This is the first part in a series of articles on dependency injection for the play framework using guice. As soon as I’ve written the next part, it will be linked here.

Please note that while the examples are written in Scala, the principles apply for Java likewise.

Furthermore, please be aware that Guice is not the only framework to do dependency injection with. It is probably the most prominent one in the play ecosystem though. Guice does so called runtime dependency injection. This means dependencies are resolved at runtime. An alternative approach is compile time dependency injection, which essentially means if a dependency cannot be resolved, the code doesn’t even compile. Please read the play documentation for more on the latter: Compile Time Dependency Injection

Why Dependency Injection?

At the time of writing, version 2.5 is released and the play framework is in the process of moving away from global state (What exactly is that global state?). While older version heavily relied on the function Play.current, this has now been deprecated and people are looking for ways to restructure their applications to no longer depend on this.

Accessing the currently running application used to be the central access point for a variety of components such as Configuration, ActorSystem, Connection, WSClient and many more. Therefore, we now need a new way to access them.

A Simple Example

The following example shows how we could use the configuration in a controller where we previously might have used Play.configuration. Adding the annotation javax.inject.Inject directly after the class name allows us to specify a number of components that we would like an instance to be injected.

class MyController @Inject() (config: Configuration) {
  val maxSize = config.getInt("maxSize")

What just happened?

If we look at the above example again, we can see that our controller is a simple class that takes one parameter. But how does the framework know which exact parameter is to be passed in there? This is defined by using so called bindings. A binding can be roughly formulated by saying if a thing of type A needs to be injected into a constructor, which concrete instance of A shall be taken.

A number of bindings are provided by the play framework. For example, as seen above, the play framework defines (in a class called BuiltinModule.scala, for the impatient) which concrete instance of Configuration is to be injected if a user requests a Configuration. An (incomplete) list of the components that are provided by the play framework can be found in the 2.4 Migration Guide.

Migrating Companion Objects

A consequence of injecting instances is that code that requires such a component can no longer live in a companion object as it could before. Let’s say we have a service that has to access the configuration and a controller that uses the service:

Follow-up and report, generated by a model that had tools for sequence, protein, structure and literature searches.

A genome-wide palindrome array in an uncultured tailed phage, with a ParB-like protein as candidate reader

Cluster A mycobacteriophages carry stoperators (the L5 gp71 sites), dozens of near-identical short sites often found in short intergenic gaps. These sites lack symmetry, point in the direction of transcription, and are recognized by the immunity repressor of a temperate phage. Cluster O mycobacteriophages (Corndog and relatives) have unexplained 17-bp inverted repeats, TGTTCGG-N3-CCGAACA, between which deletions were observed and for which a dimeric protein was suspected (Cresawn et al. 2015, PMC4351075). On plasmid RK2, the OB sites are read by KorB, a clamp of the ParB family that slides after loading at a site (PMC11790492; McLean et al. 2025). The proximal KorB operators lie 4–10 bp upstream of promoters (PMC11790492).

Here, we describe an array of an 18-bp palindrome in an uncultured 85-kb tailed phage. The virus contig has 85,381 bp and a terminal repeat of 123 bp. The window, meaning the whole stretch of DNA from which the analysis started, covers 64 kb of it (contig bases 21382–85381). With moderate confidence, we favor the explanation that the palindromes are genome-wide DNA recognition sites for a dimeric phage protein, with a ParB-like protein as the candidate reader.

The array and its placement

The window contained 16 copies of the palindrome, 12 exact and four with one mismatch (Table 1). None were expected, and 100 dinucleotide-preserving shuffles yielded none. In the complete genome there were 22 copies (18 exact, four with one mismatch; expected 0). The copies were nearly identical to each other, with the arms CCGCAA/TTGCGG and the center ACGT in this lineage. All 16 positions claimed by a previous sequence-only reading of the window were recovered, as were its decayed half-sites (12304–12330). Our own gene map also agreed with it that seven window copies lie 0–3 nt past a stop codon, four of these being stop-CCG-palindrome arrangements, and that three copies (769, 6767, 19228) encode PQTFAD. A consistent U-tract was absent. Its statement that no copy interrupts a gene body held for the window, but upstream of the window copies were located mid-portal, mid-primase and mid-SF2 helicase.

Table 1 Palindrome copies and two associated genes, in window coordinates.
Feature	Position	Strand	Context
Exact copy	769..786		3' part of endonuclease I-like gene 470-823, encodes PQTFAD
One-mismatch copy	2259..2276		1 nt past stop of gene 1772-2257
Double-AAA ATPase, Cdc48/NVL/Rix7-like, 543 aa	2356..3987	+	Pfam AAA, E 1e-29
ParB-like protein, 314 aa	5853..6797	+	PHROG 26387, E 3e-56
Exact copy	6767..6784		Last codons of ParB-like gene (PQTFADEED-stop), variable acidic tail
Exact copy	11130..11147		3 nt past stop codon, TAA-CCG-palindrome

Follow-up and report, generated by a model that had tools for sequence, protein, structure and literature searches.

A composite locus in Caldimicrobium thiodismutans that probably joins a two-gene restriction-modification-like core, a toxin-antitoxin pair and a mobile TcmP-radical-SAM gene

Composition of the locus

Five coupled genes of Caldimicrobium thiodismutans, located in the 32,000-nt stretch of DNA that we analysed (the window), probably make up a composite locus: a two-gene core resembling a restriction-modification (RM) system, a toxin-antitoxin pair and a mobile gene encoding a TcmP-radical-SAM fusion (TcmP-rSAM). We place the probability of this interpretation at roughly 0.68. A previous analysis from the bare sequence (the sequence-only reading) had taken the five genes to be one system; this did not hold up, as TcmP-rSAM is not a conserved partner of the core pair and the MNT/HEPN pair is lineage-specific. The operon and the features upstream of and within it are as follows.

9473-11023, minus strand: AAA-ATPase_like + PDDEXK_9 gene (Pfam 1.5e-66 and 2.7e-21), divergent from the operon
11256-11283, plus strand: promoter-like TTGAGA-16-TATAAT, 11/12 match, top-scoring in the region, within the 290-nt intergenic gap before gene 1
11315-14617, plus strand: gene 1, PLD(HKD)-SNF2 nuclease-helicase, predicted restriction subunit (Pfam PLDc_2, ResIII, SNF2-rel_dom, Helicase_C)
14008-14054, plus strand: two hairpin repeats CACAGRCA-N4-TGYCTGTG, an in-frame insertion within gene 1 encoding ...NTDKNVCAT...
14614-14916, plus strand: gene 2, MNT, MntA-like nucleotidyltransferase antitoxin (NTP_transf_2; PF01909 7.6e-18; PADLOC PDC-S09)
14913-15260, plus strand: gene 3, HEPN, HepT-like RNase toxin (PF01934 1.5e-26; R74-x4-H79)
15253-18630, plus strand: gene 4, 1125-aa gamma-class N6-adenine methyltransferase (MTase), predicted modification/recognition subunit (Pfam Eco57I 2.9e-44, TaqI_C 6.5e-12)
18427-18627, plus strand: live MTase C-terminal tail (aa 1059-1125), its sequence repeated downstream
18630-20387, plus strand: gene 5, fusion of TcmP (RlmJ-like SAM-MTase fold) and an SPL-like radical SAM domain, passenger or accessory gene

object MyService {
  def getMaxSize: Option[Int] = Play.configuration.getInt("maxSize")

class MyController {
  val maxSize = MyService.getMaxSize 

Now that we need to avoid static access to the configuration and inject it instead, we also need to migrate the service to a class. But then how does the controller access the service? Just like the service injects the configuration, the controller now needs to inject the service:

class MyService @Inject() (config: Configuration) {
  def getMaxSize: Option[Int] = config.getInt("maxSize")

class MyController @Inject() (myService: MyService) {
  val maxSize = myService.getMaxSize

Why go through all this Hassle?

As the above example with the service and the controller has shown, using dependency injection increased the size of the code and made it a bit more complicated as when compared with directly invoking the method on the companion object.

One big win of dependency injection, however, is testability. Just imagine for a second how you’d write a test for the method getMaxSize in the companion object. Since it accesses the configuration from the currently running application, you’d need to make sure that an application is running when you’re testing that method. Think about this: You need an entire play application running just to test a simple method!

Injecting the dependencies greatly simplifies that. You can now instantiate the service directly in your test and pass in the configuration required for your test - scenario. You could even easily test the behavior if the key maxSize does not exist (the example uses specs2).

class MyServiceTest extends Specification {
  "getMaxSize" should {
    "return the size" >> {
       val config = Configuration("maxSize" -> 4)
       val service = new MyService(config)
       service.getMaxSize must_=== Some(4)

    "return none if not configured" >> {
       val config = Configuration()
       val service = new MyService(config)
       service.getMaxSize must beNone


In this first article, I have tried to shed some light into why the play framework uses dependency injection in the first place as well as a few examples on how to use dependency injection within an application and the benefits that come along with it.

Stay tuned for the following parts where we’re going to look at more realistic examples, learn how to define bindings and much more!